Date of Award


Degree Name

Doctor of Philosophy


Educational Leadership

First Advisor

Dr. Uldis Smidchens

Second Advisor

Dr. Charles Warfield

Third Advisor

Dr. Raymond Alie


This study examined the extent to which executives' perceptions of their managerial leadership behaviors compare to their role-set's perceptions of the same behaviors. Additionally, the difference between the perceptions was related to the identified requisite executive skills and behaviors. Executives and their role-set were informed of the developmental purpose for which they were making the ratings. An executive's role-set is comprised of superior, peers, and subordinates, who spend significant amounts of time with the executive and are best able to observe the executive's behavior.

The Management Skills Profile (MSP) was used to investigate self and each role-set group's ratings of executive behaviors. Additionally, four openended questions allowed executives to identify the critical skills and behaviors needed within the organization. One-hundred and twenty-three executives from the top three organizational levels, and 1,107 members of their role-set, representing locations for factories and field offices, constituted the study. Behavior ratings were analyzed for ninety-eight executives and seven-hundred-and-sixty-two members of their role-set.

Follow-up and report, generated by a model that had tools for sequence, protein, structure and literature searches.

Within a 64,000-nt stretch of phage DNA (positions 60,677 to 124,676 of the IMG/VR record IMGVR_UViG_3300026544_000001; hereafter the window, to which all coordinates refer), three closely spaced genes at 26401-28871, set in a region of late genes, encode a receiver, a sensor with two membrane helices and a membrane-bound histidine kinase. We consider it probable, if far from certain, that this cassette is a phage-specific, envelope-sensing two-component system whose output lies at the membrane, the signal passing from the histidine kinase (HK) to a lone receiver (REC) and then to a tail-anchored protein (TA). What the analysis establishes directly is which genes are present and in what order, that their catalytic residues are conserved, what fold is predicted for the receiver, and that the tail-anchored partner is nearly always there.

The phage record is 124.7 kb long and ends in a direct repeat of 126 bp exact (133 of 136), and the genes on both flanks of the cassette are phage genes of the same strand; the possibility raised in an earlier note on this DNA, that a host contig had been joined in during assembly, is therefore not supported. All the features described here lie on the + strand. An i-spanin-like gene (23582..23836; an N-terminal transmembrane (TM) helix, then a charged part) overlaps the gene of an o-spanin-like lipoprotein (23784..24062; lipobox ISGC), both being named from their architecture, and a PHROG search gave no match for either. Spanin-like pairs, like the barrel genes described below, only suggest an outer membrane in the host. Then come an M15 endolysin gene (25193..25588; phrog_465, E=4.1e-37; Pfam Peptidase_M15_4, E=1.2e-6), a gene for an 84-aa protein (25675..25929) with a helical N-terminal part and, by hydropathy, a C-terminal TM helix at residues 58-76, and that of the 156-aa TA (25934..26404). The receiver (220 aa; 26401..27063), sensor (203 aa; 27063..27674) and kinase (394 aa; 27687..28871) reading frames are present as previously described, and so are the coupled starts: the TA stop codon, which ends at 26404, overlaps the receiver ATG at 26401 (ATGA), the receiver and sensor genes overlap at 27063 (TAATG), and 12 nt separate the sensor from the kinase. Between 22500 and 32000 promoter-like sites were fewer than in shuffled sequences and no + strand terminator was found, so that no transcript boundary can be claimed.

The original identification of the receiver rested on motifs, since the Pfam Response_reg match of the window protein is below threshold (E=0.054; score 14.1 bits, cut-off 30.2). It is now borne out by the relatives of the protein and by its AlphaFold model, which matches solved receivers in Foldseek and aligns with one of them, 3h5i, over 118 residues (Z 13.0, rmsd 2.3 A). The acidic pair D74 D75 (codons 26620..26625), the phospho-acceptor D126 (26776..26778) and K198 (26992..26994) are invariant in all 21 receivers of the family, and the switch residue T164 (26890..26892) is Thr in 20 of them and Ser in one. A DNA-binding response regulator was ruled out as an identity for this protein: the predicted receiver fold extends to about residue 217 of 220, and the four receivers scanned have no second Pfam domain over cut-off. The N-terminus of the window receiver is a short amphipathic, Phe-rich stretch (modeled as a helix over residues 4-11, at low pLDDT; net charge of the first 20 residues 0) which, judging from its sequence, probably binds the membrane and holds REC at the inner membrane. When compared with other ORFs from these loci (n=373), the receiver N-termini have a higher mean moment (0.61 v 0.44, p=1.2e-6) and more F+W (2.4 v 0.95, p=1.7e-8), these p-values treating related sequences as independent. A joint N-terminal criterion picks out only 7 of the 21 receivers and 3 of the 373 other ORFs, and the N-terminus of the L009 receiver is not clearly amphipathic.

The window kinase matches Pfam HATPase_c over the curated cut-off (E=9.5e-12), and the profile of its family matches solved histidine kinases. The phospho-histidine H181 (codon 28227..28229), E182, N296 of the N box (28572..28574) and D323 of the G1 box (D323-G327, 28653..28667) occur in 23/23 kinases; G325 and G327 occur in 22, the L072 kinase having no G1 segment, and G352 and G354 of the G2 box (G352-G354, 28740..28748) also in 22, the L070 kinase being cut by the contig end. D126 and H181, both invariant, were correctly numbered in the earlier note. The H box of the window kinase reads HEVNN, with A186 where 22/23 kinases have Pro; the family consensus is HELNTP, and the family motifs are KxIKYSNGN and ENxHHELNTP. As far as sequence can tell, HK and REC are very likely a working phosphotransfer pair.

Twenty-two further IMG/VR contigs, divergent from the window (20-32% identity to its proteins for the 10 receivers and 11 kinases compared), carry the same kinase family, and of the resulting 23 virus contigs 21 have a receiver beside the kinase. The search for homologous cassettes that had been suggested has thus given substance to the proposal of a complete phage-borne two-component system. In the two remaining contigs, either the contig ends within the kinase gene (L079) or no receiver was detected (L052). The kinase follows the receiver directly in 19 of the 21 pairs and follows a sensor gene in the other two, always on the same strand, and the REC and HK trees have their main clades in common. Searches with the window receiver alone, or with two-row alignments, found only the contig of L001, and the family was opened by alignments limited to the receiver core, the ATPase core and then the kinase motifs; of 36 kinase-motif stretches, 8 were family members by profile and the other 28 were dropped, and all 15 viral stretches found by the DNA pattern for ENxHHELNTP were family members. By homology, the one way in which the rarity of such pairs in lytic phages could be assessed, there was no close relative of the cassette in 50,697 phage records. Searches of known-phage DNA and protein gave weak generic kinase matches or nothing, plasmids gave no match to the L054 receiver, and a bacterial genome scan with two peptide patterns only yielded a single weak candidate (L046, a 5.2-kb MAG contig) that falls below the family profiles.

Two major hypotheses guided the investigation: (a) there are differences and relationships between self, superior, subordinate, and peer ratings of executive managerial leadership behaviors, and (b) there are differences between those needs identified by executives whose self ratings are congruent with their role-set's ratings and those needs identified by executives with incongruent ratings. Variables were ratings of the extent of observed behaviors and congruence categories. Ratings were made by four groups: self, superior, subordinates, and peers.

The pattern and strength of relationship between group pairs were examined. Results showed that at the skills and behavior levels, (a) the rating patterns between groups of raters are related and, (b) there are differences between group ratings. Superiors and subordinate ratings exhibited the most numbers of behaviors with related ratings and differences between the ratings. Additionally, substantially different needs were identified by executives whose ratings are congruent with their role-set ratings. Fifteen requisite managerial leadership behaviors were identified for executive development, with one of those behaviors emerging from both the self and role-set rating comparison and from the responses to the open-ended questions.

Recommendations are made for (a) future studies of role-set ratings; (b) the use of role-set ratings for planning development experiences; and (c) the combination of closed- and open-ended questions.

Access Setting

Dissertation-Open Access